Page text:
Because the wheels 12 are held together by magnetic forces, they may be rotated relative to each other about a common axis from one position, wherein protuberances 22 are received within cavities 24, to another alignment wherein the protuberances are received within the cavities. These discrete positions are referred to herein as "click-stops" because of the sound that is made when the wheels 12 assume the discrete positions.
Desirably, an annular groove (shown in the embodiment of FIGS. 7-8) connects the cavities 24 on the face 16 of the wheel. These grooves serve as guiding surfaces to facilitate the rotation of the wheels 12 relative to each other and to guide protuberances 22 from one "click stop" to another "click stop". Thus, the wheels are rotatable relative to each other and are engagable only at a selected number of positions which correspond to click-stops.
On the peripheral edge 18 of each wheel 12 is a series of symbols. These symbols may comprise numbers and algebraic operators. Alternatively, the symbols on the peripheral edge 18 of the wheels may comprise letters of the alphabet, a portion of a picture, a color, etc.
When the puzzle elements 12 are rotated relative to each other, the symbols are aligned for each click-stop. However, only a select number of click-stops, preferably only a single click-stop, provide a solution to the puzzle. Thus, for example, in the case where the symbols comprise numbers and algebraic operators, the solution to the puzzle will be achieved only when all of the mathematical formulas displayed are correct.
It will be recognized that the puzzle element need not necessarily be circular but may also be square or triangular shaped. It is only necessary that the puzzle elements be rotatable relative to each other and have a peripheral edge with symbols thereon displayed outwardly.
It will further be recognized that the magnetic wheels may each be detached from the stack and placed in a different relative position. This increases the possibilities for different combinations of the elements.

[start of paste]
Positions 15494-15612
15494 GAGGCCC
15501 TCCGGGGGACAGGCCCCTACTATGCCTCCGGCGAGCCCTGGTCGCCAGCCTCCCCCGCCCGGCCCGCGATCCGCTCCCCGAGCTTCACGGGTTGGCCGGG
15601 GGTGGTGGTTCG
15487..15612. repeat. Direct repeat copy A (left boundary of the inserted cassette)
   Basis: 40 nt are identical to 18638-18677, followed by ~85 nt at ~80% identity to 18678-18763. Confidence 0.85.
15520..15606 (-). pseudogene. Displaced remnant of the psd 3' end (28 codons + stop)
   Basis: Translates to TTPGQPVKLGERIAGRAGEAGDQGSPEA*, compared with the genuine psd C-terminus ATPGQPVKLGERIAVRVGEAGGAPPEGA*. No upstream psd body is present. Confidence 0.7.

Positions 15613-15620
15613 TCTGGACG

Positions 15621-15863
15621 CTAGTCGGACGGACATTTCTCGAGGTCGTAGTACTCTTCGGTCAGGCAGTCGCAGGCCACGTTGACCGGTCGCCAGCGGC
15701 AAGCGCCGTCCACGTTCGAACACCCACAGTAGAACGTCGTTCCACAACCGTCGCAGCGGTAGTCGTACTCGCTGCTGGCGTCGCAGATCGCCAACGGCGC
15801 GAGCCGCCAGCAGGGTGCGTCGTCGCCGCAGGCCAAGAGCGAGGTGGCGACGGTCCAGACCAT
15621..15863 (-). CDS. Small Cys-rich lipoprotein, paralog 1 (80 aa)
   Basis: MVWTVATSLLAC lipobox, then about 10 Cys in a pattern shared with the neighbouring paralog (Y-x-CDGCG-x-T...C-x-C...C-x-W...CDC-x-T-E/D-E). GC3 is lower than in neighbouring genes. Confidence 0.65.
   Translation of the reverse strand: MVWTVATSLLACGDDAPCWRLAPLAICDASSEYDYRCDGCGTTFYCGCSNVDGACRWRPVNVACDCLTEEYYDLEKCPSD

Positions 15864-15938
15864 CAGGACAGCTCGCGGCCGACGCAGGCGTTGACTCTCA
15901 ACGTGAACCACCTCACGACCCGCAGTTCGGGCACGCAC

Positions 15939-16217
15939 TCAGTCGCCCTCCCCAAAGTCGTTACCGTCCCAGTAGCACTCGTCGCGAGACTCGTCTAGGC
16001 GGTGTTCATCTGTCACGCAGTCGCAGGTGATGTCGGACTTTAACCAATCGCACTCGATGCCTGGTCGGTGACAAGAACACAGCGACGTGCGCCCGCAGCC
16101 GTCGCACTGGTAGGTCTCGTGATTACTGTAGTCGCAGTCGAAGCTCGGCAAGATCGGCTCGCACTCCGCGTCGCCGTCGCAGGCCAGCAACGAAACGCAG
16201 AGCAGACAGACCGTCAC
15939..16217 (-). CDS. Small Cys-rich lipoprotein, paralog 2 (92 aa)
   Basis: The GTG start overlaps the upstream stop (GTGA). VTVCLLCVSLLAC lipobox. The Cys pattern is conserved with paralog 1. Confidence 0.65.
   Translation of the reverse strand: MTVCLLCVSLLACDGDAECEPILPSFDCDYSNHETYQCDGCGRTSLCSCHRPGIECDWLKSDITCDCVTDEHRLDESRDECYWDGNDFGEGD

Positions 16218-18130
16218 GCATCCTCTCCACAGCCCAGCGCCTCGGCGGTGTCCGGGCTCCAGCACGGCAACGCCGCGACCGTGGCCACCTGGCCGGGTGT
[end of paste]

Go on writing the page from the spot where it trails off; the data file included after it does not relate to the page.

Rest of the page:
FIGS. 7-8 illustrate magnetic wheel elements 12X, 12Y, constructed in accordance with another embodiment of the invention, wherein a first face 16A of each element such as 12Y has a circular groove 30 concentric with an axis 32 of the element. Cavities 24A are spaced along the groove. The second face 14A of each element such as 12X has a plurality of protuberances 22 formed to lie in and move along the groove 30 of another adjacent element 12Y as the elements rotate relative to each other about their coincident axes 32. The protuberances 22 all enter the cavities 24A of the adjacent element at certain relative rotational positions of the elements 12X, 12Y, to resist further element rotation and therefore to tend to retain the elements at the selected relative positions.
The wheel elements such as 12X, 12Y are usually arranged in a stack. As can be seen by inspection of the various figures of the drawing, each element can be removed from an adjacent element in the stack by slightly separating it from the adjacent element and moving it perpendicular to its axis. Each projection is tapered to enable sliding of one element off another. The elements are free of attachment to one another except through magnetic attraction and the reception of protuberances of one elements in the groove and cavities of another, to enable rigid disassembly of a stack and its reassembly in another arrangement.
While the invention has been described by reference to specific embodiments, this was for purposes of illustration only, and should not be construed to limit the spirit or the scope of the invention.
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|U.S. Classification||273/155, 434/174, 434/168, 434/190, 434/206|
|International Classification||A63F9/34, A63F9/12, A63F9/08, A63F9/00|
|Cooperative Classification||A63F9/34, A63F9/0811, A63F2009/0888, A63F2009/1224, A63F2009/0815|
|European Classification||A63F9/34, A63F9/08B2|
|Apr 14, 1993||REMI||Maintenance fee reminder mailed|
|Sep 12, 1993||REIN||Reinstatement after maintenance fee payment confirmed|
|Nov 30, 1993||FP||Expired due to failure to pay maintenance fee|
Effective date: 19930912
|Jan 30, 1995||SULP||Surcharge for late payment|
|Jan 30, 1995||FPAY||Fee payment|
Year of fee payment: 4
|Jun 27, 1995||DP||Notification of acceptance of delayed payment of maintenance fee|
|Jun 27, 1995||AS||Assignment|
Owner name: HUNTAR COMPANY, INC., CALIFORNIA
Free format text: ASSIGNMENT OF ASSIGNORS INTEREST;ASSIGNOR:NESIS, DOV;REEL/FRAME:007521/0890
Effective date: 19950206
|Apr 22, 1996||AS||Assignment|
Owner name: HUNTAR COMPANY, INC., CALIFORNIA
Free format text: ASSIGNMENT OF ASSIGNORS INTEREST;ASSIGNOR:NESIS, DOV;REEL/FRAME:007978/0697
Effective date: 19950206
|Feb 10, 1997||FPAY||Fee payment|
Year of fee payment: 8